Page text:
There ought to be an expiration date on some institutions. The life cycles of many of our current institutions have been extended well beyond their effectiveness date and they frankly need to be scrapped and created anew. Examples include public education, corporations, the electoral process, perhaps even capitalism.
Calls to scrap public education began back in the 1960s, not really very long after its establishment. It had become clear even then, at least to a few, that education was quickly devolving into a barely functioning bureaucracy. It’s been nothing but a long, sustained slide since then, and repeated initiatives and attempts to cure the patient have done little but to put it on chronic life support. The growing home school movement is a good indication that many folks have no faith in the classroom anymore and can frankly educate their children better and cheaper on their own.
Corporations fare not so much better. Many of the great 20th-century corporations no longer exist, having long since been bought, merged, liquidated, and/or bankrupted out of existence. The airlines make a good case in point. Even those that survived into the 21st century typically creak under their own weight and history. For instance, IBM, Xerox, GM, and Kodak all putter along benignly, restructuring themselves periodically but not really innovating or leading their markets. The younger upstarts have usurped the oldsters.
Perhaps the most egregious case is the electoral process. No one paying attention really believes anymore that the choices offered by the time all the fundraising , primaries, and politicking come to a close amount to anything other than a choice between the lesser of (merely) two evils. Little wonder there is such voter apathy. Breakout candidates in recent presidential elections (Ross Perot, Jesse Jackson, Steve Forbes, Ralph Nader) suggested for a while some possibility of change, or at least a viable alternative, but they were all dead upon arrival. A vote for change was tactically a throwaway vote.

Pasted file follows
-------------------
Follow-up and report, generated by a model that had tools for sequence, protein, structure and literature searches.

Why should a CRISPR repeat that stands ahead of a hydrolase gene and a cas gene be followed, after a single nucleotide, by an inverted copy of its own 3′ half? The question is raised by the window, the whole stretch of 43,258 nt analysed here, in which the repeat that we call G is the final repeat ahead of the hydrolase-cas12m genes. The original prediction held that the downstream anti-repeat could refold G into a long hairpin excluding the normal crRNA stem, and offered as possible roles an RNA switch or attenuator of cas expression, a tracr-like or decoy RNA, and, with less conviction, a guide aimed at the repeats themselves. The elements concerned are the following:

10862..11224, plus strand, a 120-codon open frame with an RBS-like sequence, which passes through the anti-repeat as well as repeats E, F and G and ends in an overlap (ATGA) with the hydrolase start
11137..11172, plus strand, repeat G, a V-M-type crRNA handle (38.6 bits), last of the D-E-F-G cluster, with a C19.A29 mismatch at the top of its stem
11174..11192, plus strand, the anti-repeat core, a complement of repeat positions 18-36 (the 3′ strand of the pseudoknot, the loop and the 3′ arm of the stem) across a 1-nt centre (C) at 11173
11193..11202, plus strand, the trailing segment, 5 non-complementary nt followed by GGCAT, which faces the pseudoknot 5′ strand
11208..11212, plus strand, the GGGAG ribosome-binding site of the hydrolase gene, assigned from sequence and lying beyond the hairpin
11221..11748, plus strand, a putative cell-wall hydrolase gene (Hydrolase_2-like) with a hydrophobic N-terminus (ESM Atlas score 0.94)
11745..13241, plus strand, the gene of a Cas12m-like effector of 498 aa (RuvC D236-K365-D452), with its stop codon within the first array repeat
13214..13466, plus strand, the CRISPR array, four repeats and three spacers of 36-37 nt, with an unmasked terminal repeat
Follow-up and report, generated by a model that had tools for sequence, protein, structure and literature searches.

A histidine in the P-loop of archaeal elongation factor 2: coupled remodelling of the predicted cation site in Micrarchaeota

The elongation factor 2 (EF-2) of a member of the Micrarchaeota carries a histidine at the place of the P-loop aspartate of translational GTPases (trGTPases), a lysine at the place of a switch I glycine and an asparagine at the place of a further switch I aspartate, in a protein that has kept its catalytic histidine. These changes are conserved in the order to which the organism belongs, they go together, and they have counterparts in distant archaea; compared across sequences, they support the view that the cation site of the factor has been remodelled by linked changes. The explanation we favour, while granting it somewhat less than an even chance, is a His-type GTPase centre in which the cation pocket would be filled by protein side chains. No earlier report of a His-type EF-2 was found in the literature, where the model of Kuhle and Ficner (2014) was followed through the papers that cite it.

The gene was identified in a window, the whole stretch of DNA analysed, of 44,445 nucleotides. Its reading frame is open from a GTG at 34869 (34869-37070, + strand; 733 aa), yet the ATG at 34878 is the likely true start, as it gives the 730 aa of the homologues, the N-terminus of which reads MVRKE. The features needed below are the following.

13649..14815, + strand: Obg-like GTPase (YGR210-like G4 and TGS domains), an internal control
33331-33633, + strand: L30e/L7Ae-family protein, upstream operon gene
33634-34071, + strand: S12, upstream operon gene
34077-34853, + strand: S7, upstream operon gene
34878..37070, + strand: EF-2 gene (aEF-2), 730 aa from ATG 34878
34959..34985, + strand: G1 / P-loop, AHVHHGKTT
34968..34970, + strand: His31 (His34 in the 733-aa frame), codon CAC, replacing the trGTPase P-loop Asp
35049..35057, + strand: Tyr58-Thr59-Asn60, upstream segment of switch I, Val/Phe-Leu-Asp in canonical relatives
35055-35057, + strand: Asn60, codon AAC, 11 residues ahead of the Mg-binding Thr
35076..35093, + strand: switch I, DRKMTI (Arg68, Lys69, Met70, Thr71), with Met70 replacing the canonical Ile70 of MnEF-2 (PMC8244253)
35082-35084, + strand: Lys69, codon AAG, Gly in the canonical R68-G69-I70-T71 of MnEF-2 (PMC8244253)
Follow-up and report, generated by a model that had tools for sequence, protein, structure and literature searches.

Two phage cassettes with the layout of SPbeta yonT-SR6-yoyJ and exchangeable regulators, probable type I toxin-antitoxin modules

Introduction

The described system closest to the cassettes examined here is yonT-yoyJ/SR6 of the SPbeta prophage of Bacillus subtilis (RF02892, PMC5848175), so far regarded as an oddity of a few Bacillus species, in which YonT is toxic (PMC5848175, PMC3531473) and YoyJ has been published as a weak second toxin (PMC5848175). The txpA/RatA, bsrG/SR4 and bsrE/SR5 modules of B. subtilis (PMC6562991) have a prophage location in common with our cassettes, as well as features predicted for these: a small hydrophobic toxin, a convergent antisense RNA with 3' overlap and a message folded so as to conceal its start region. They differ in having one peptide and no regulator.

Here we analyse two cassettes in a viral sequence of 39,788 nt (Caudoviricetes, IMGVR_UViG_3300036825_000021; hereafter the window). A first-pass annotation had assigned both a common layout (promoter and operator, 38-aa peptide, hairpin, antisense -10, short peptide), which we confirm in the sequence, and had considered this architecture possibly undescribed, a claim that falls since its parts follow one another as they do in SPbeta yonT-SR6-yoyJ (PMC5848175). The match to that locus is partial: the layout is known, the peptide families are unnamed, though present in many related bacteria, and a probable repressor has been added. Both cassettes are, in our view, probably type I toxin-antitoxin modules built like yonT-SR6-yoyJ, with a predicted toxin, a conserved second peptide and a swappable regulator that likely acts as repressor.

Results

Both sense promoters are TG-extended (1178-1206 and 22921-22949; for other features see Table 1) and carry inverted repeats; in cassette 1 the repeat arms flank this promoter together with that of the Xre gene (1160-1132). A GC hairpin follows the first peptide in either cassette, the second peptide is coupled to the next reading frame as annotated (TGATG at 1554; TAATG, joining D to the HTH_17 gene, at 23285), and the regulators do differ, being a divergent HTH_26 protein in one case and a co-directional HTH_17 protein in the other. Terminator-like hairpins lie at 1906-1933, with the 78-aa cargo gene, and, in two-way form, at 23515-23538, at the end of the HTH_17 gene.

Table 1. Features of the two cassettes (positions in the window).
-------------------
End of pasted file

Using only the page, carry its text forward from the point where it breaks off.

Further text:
Even capitalism shows considerable signs of wear and tear. As an economic system, the promise has always been that, for all its faults, capitalism is better than any of the alternatives. In its current mature state, however, capitalism fails to provide its benefits broadly enough and is vulnerable to venal manipulation by the power elite and is similarly threatened by the great headless beast of globalism, which will consume us all in a stateless, leaderless scramble for whatever is left after capitalist excesses chew up and spit out the ecosystem.
In each case (and the examples could go on and on), there existed a sweet spot toward late middle age and moderate size when each institution was at its height of power and prestige. Once beyond that crest, however, inertia begins to set in, size bogs things down, and operating parameters end up distilled into a few rhetorical flourishes unable to adapt or change. Even the replacement of a leader (president, principal, CEO, whatever) typically does little but churn already stale water.
What would it be like if all institutions planned for their own obsolescence? The trick would be to time the transition to the next thing or indeed to leave the stage and wait for the next player to appear, not knowing who or what. But alas, while institutions may still adapt and change in small measure, we should recognize by now that many have outlived their usefulness yet refuse to cede their existence to a younger rival. Their final, aging desire is inevitably to persist, failing to serve their original missions well if at all.